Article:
Meet the weird and wonderful creatures of Dogger Bank
From puffins and seals to the bizarre ‘fried-egg’ nudibranch, this shallow patch of ocean is packed with amazing animals. And with new proposals to ban destructive fishing in the area, there’s new hope for the sea life of Dogger Bank.
Located about 100 km off the east coast of England, Dogger Bank is a large shallow area in the North Sea. It was once part of a landmass known as Doggerland, connecting Europe and the British Isles during the last ice age. Scientists think stone age humans would have once hunted wooly mammoths in this area.
Today, the long-submerged Dogger Bank is home to some very different residents. Unusually, Dogger Bank’s waters are rich in tiny floating plants called phytoplankton all year round, providing a perfect feeding ground for a variety of birds and sea creatures.
Dogger Bank is being trashed by industrial fishing
But the same things that make Dogger Bank a wildlife hotspot also make it a target for the fishing industry. Dogger Bank has long been known as a fishing area, but the rise of huge industrial fishing ships that can pull up hundreds of tonnes of fish a day has caused huge damage to the ecosystem.
The Short-snouted Seahorse is typically found on the bottoms of rocks, in seaweed or in the edge of seagrass beds in shallow muddy water. It can only be found in waters that are up to 77 metres deep. Hans Hillewaert (CC BY-SA 4.0)
It’s protected in theory, but not in practice
Dogger Bank is officially designated as a ‘Marine Protected Area’, but sadly that doesn’t mean much in practice. Industrial fishing is perfectly legal inside the so-called protected area, and the government’s own reports don’t have any information on whether it’s achieving its conservation goals.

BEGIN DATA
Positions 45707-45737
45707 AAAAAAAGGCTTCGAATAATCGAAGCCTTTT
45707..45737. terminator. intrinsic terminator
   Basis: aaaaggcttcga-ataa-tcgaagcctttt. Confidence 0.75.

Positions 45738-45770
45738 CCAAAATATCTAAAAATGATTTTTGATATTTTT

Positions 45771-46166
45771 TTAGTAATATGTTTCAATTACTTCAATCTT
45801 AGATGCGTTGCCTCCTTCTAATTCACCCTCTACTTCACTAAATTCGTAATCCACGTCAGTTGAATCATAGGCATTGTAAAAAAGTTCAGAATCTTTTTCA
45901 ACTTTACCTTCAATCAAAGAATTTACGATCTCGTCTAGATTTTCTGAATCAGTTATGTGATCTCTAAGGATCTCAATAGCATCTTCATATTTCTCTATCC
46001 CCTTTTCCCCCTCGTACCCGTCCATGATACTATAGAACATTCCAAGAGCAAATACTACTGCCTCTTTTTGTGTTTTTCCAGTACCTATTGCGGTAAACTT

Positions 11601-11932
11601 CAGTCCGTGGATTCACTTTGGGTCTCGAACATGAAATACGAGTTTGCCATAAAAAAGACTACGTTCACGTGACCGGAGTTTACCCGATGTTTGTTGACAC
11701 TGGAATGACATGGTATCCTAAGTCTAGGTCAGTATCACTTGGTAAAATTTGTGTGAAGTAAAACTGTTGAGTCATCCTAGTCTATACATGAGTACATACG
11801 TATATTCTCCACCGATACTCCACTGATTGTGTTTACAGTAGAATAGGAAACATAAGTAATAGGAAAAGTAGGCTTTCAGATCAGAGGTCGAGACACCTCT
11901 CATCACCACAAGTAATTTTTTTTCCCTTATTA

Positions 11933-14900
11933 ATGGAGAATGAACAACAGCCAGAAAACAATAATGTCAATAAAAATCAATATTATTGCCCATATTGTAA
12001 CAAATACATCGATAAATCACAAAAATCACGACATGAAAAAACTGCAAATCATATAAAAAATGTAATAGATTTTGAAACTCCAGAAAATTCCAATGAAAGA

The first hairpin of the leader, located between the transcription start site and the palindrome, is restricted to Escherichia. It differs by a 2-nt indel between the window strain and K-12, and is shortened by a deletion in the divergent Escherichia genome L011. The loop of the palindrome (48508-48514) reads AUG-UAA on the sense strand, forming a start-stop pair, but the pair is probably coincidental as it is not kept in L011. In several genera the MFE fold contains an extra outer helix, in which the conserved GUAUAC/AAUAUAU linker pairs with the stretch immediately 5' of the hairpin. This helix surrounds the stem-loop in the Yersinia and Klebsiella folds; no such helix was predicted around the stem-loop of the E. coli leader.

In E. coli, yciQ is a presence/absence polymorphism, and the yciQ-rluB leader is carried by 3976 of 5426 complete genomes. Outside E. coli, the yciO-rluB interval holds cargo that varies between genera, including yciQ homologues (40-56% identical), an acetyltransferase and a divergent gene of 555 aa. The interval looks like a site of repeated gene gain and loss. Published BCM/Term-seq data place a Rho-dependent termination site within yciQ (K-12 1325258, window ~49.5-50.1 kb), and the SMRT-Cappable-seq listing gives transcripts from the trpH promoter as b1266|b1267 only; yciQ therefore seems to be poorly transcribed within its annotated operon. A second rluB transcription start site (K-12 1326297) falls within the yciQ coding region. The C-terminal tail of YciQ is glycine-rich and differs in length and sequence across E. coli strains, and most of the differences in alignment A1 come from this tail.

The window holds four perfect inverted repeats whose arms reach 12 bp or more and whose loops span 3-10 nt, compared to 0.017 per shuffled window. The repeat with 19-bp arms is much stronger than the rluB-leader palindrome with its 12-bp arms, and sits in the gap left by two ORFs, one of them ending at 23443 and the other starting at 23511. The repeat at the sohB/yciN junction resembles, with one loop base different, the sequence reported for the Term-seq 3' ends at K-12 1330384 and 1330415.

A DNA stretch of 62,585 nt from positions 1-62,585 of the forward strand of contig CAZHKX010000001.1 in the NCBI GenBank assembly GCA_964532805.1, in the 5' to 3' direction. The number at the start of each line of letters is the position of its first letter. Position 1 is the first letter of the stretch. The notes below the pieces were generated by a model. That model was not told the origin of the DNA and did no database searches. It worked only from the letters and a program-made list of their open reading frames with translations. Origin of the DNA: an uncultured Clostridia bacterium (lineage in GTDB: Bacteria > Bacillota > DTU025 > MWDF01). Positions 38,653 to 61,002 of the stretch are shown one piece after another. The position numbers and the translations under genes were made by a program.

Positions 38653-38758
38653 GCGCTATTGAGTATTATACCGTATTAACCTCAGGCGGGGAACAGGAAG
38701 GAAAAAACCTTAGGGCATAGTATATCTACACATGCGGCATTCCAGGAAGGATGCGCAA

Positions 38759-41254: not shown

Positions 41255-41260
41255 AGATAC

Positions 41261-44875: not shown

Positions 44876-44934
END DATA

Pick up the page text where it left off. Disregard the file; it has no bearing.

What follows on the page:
Ocean campaigners call supposedly protected areas like this ‘paper parks’, because their protection only exists on paper.
Right now, most of the UK’s offshore Marine Protected Areas are ‘paper parks’. But that might be about to change.
The fried egg sea slug, more properly known as diaphorodoris luteocincta is a tiny nudibranch (it grows up to 11mm long) that loves the silty rock and shallow waters of Dogger Bank. Its colouring is unique among the sea slugs found around the British Isles. The scent receptors on its unicorn-like tentacles allow it to smell food. Bernard Picton (CC BY-SA 4.0)
After decades of campaigning, there’s new hope for Dogger Bank
Greenpeace and other organisations have been working to protect Dogger Bank for decades, but recently we’ve stepped things up. In 2020, Greenpeace activists placed dozens of large boulders on the sea floor around part of Dogger Bank, creating a 47 square mile ‘boulder barrier’ where industrial fishing ships can’t drag their nets along the seabed – a technique known as bottom trawling.
The thornback ray likes to bury itself in Dogger Bank’s seabed sediment during the day and comes out at dusk to hunt. The powerful jaws allow him to crush the shell of crustaceans with ease. Despite its ghostly appearance, the thornback is a serious beast. It can weigh up to 18 kg and live for 15 years.
At the same time, over 350,000 people joined the campaign for better ocean protection, putting pressure on MPs and ministers to stop destructive fishing in places like Dogger Bank.
A few months later, the government proposed a total ban on bottom trawling in the Dogger Bank Marine Protected Area, plus new restrictions in three similar areas around the country. If they follow through on this proposal it’d be great news for Dogger Bank, but will still leave 94% of the UK’s so-called protected areas offshore as a destructive fishing free-for-all.
Let's keep up the pressure for a ban on destructive fishing in all the UK's protected waters. Sign the petition calling on the government to ban 'supertrawlers' and other destructive fishing from the UK’s offshore Marine Protected Areas and stand up for ocean protection.
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Activists on the Greenpeace ship Esperanza have built a new underwater boulder barrier in the Offshore Brighton marine protected area in the English Channel, one of the UK’s most heavily bottom trawled protected areas.